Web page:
Stock buybacks have been increasing in frequency lately, which is not by itself that unusual considering the condition of the economy. If growth potential is low but a company has excess cash, management may decide to return some of that value to the shareholders. This can be done in several ways, one of which is a stock repurchase or buyback plan. These activities can be similar in effect to issuing a shareholder dividend.
[VIDEO] Stock Buybacks
A buyback benefits shareholders by increasing the percentage of ownership held by each investor by reducing the total number of outstanding shares. In the case of a buyback the company is concentrating its shareholder value rather than diluting it.
Here is a simple example to help explain the principles of a buyback. Imagine that you own one share of company ABC that has 10 shares total outstanding. Company ABC’s market cap is $1,000,000 which means that each share is worth $100,000. ABC’s management team and board agree to buy back 1 share of their outstanding stock leaving 9 outstanding shares. Now that same market capitalization of $1,000,000 is spread across fewer shares (9) which increases their value to $111,111 per share.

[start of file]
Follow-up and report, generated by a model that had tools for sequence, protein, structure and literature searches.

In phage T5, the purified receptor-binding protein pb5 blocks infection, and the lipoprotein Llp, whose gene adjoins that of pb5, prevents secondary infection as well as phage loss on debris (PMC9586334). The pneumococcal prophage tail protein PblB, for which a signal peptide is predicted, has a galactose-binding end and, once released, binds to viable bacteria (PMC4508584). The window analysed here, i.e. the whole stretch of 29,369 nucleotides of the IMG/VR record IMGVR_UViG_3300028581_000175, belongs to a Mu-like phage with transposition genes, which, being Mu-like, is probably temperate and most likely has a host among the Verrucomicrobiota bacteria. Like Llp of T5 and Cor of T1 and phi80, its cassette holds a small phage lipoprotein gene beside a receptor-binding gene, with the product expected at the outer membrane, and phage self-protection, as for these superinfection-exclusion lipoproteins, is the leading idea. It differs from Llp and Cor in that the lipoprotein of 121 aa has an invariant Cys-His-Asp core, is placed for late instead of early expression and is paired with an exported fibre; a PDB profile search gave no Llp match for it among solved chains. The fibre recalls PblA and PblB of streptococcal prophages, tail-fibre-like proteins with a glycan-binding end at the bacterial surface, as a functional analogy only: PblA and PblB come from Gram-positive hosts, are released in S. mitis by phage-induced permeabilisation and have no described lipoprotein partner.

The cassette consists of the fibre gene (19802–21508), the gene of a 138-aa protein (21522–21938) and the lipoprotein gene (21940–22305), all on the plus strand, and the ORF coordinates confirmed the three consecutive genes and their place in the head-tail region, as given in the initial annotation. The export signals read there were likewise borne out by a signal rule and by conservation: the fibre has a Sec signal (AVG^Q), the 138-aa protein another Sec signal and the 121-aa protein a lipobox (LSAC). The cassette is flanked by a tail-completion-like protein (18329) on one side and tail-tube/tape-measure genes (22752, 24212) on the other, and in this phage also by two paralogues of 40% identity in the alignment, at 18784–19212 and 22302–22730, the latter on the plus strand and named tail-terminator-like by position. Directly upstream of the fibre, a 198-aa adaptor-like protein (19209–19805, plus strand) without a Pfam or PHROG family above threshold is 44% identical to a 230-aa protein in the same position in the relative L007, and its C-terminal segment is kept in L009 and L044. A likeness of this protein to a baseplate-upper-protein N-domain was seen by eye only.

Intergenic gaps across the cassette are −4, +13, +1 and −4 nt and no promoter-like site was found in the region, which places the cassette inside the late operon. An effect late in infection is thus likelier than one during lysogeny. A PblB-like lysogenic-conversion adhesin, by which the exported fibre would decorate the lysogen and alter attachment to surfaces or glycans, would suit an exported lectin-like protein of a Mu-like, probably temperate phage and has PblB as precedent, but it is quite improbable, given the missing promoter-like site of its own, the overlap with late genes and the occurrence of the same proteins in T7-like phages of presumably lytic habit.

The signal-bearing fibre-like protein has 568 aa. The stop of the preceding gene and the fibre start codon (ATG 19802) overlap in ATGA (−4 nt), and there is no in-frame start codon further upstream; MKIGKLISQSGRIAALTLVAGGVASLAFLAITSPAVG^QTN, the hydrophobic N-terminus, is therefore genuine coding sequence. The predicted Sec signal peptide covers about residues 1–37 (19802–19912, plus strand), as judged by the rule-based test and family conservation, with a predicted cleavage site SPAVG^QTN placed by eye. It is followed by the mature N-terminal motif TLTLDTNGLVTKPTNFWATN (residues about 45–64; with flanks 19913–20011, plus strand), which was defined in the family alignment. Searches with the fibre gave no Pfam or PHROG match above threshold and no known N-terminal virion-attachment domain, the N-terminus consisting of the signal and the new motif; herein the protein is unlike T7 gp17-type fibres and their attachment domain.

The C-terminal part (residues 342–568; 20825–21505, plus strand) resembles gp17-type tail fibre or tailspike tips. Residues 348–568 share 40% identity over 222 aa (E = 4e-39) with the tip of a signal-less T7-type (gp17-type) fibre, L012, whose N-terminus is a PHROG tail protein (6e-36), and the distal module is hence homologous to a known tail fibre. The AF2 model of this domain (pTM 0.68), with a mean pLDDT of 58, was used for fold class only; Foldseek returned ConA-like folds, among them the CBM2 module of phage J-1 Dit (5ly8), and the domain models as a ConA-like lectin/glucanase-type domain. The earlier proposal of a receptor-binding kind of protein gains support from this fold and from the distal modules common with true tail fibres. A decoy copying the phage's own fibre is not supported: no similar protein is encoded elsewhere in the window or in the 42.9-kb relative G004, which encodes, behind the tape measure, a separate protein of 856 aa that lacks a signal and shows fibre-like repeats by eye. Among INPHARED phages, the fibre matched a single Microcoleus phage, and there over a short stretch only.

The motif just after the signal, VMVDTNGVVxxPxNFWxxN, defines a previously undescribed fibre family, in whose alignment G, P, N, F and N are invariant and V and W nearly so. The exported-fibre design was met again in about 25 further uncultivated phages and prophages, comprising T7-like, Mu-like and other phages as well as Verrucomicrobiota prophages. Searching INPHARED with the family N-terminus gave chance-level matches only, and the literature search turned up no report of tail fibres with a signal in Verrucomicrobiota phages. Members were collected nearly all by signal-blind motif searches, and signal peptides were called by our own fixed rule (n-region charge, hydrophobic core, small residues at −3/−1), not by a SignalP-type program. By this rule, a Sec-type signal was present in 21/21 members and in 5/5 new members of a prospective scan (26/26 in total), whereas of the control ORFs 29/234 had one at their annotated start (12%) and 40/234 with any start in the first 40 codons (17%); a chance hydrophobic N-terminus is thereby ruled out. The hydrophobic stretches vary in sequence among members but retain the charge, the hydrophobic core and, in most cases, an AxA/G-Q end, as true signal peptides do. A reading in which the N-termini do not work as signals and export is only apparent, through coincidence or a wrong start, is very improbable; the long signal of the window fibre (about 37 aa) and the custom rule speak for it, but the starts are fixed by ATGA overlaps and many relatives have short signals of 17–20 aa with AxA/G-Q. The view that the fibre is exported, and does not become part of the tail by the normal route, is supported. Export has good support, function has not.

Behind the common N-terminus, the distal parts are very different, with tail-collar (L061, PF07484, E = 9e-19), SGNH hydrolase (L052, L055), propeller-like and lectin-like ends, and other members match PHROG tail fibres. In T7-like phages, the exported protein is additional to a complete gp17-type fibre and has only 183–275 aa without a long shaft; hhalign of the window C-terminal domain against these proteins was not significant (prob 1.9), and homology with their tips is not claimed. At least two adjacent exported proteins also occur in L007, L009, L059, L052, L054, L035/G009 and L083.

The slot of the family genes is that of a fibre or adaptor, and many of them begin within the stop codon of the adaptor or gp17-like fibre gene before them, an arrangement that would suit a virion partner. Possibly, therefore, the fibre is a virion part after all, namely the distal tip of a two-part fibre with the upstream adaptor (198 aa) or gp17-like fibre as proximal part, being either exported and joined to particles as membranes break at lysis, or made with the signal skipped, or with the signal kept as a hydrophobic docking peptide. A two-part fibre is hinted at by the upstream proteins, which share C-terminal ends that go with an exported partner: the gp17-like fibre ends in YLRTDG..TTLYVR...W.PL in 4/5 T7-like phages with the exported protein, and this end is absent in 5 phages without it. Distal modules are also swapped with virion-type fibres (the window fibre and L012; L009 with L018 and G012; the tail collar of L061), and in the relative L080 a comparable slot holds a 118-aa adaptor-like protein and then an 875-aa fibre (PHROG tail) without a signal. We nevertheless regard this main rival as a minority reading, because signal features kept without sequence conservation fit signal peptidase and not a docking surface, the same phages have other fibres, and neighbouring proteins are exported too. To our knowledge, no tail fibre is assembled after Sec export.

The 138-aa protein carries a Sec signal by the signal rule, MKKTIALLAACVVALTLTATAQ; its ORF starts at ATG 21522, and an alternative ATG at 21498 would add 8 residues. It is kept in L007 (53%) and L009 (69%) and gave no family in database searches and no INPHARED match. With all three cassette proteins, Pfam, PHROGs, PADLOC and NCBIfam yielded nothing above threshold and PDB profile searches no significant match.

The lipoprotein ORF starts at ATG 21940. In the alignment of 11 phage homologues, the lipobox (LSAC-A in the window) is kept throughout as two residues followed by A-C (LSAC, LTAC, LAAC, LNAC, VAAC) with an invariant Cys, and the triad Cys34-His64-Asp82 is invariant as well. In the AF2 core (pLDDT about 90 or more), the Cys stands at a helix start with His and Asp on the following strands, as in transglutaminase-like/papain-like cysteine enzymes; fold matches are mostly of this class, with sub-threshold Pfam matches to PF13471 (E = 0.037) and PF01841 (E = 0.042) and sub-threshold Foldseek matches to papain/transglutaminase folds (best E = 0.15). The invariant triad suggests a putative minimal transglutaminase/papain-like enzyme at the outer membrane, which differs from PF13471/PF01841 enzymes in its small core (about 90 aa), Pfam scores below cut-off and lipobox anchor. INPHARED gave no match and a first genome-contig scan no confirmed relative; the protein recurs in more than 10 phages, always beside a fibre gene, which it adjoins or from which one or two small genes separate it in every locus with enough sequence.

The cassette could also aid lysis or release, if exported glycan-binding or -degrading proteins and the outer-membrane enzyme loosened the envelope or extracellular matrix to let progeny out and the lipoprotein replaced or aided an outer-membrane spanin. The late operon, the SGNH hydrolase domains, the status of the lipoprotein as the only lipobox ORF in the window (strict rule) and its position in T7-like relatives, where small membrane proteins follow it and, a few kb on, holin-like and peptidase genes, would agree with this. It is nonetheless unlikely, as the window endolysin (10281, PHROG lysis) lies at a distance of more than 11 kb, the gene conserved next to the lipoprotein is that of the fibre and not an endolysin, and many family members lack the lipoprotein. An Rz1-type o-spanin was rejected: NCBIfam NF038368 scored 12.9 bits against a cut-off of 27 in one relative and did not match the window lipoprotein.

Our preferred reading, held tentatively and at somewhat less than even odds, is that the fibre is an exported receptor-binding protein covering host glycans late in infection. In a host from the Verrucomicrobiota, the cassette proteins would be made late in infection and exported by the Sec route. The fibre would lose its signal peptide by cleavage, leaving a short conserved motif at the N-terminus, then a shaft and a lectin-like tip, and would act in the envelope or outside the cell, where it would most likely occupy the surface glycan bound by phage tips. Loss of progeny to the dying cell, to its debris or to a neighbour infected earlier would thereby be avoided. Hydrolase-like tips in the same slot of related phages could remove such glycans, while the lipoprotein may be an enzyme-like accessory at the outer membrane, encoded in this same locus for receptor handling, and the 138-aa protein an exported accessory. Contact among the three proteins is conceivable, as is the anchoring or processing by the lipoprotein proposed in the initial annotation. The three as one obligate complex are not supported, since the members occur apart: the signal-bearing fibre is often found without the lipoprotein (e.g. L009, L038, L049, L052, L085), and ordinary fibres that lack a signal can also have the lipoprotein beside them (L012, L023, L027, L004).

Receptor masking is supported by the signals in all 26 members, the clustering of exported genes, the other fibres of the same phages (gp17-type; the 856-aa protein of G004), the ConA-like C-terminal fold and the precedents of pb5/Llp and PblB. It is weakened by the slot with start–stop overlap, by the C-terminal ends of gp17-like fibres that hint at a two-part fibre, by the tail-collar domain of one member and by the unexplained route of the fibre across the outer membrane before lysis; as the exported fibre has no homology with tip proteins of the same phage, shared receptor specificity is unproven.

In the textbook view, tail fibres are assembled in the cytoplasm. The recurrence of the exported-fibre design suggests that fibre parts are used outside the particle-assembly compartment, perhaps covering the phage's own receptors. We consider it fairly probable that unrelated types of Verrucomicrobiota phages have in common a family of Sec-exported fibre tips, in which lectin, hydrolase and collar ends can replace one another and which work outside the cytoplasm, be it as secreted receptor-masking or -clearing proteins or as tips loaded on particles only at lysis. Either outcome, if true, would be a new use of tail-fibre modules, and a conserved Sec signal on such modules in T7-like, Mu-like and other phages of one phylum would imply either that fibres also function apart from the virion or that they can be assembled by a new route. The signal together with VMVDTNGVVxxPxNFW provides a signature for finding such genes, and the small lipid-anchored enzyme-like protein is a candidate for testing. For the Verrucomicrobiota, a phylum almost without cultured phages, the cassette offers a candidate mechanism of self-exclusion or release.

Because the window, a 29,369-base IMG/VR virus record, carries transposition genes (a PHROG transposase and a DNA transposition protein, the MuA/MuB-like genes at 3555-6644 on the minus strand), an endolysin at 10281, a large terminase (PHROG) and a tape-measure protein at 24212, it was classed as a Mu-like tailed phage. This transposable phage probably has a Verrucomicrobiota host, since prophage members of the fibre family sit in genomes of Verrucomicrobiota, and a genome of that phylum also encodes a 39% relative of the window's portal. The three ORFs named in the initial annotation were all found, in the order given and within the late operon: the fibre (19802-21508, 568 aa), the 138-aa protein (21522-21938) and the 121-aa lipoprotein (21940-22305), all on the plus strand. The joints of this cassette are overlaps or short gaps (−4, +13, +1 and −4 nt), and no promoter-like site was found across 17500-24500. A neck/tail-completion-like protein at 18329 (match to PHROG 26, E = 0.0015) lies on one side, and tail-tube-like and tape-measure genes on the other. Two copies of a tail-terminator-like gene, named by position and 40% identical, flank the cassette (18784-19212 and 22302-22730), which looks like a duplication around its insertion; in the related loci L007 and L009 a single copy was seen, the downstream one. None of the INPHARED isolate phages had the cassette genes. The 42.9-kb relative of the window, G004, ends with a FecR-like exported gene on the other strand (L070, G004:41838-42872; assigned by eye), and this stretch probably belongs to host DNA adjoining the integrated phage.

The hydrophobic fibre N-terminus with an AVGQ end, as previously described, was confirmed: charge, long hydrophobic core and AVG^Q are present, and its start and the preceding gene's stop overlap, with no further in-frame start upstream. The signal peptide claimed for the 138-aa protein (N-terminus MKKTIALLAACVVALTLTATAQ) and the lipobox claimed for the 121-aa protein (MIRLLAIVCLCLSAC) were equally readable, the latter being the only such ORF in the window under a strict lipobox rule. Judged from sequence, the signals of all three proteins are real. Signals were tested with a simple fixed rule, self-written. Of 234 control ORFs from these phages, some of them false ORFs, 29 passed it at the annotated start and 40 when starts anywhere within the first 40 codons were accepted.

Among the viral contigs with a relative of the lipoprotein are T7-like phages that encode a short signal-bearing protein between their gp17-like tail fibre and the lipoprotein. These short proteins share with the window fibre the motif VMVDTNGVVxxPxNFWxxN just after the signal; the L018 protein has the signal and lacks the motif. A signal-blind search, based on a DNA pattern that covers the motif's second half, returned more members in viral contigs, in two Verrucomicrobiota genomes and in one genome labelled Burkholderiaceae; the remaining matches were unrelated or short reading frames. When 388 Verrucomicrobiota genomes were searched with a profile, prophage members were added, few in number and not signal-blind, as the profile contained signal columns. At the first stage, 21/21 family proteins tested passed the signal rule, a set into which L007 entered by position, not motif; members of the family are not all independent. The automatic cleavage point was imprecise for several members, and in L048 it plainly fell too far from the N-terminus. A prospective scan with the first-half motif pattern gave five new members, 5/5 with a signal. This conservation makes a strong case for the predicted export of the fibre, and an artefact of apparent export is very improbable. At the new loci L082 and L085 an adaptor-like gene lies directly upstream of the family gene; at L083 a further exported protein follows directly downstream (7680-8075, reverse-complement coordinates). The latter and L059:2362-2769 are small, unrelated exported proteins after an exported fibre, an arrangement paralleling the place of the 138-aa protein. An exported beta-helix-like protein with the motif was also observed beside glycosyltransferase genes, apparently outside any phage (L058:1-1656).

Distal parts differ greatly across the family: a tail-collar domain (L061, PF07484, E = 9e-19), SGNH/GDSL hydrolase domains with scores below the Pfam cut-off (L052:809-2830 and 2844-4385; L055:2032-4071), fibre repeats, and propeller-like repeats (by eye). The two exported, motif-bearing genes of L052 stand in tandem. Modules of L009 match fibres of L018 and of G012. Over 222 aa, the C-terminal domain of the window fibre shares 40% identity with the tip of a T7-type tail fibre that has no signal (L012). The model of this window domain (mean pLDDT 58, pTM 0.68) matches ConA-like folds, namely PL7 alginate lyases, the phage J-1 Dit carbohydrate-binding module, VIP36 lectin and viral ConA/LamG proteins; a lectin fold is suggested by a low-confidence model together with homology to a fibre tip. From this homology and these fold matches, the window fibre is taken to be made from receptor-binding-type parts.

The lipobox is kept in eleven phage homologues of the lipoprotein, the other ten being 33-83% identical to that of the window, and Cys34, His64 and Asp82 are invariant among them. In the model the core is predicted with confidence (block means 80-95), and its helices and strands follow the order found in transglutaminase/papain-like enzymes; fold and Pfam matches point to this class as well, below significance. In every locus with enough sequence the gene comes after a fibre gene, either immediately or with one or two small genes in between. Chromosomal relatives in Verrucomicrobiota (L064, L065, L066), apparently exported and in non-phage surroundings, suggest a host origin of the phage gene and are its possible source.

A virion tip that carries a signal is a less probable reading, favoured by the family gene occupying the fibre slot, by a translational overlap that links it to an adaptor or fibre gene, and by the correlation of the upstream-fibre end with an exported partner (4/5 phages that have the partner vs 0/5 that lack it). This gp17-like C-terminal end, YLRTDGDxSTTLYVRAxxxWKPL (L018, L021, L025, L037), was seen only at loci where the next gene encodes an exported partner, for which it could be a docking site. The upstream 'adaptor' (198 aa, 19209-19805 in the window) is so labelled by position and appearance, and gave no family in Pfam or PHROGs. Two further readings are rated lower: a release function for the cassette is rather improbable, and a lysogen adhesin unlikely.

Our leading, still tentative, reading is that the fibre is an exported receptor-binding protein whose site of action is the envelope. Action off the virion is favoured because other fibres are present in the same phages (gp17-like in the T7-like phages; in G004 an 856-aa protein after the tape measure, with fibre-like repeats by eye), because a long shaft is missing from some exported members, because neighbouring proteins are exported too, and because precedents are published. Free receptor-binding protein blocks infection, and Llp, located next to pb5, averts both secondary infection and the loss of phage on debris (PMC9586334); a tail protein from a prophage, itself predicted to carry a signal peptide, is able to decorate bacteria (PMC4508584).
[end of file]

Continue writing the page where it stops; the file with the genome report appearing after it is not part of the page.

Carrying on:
A stock buyback is not the golden ticket to easy stock market profits but it does indicate a favorable attitude towards shareholders by company management and an ability to generate profits that can be used to buy back stock. A diversified portfolio of stocks conducting buybacks has been shown to reduce volatility and increase returns in the long term compared to large cap market indexes like the S&P 500.
While it is certainly possible to find one stock at a time issuing buybacks it is probably more convenient for investors to buy an ETF or fund that indexes these kinds of firms within a larger pool. For example, the Invesco Buyback Achievers Portfolio ETF (PKW) offers diversification across more than 100 stocks in the fund that have recently entered into share repurchase plans. This could simplify the process considerably.
PKW is a good example because it has outperformed large cap indexes during the recent market volatility and has shown in actual results and backtesting that over the last 14 years stocks issuing buyback plans outperformed the S&P 500 by more than 100%. This is a great illustration of the value of a moderate level of fundamental analysis and proper diversification.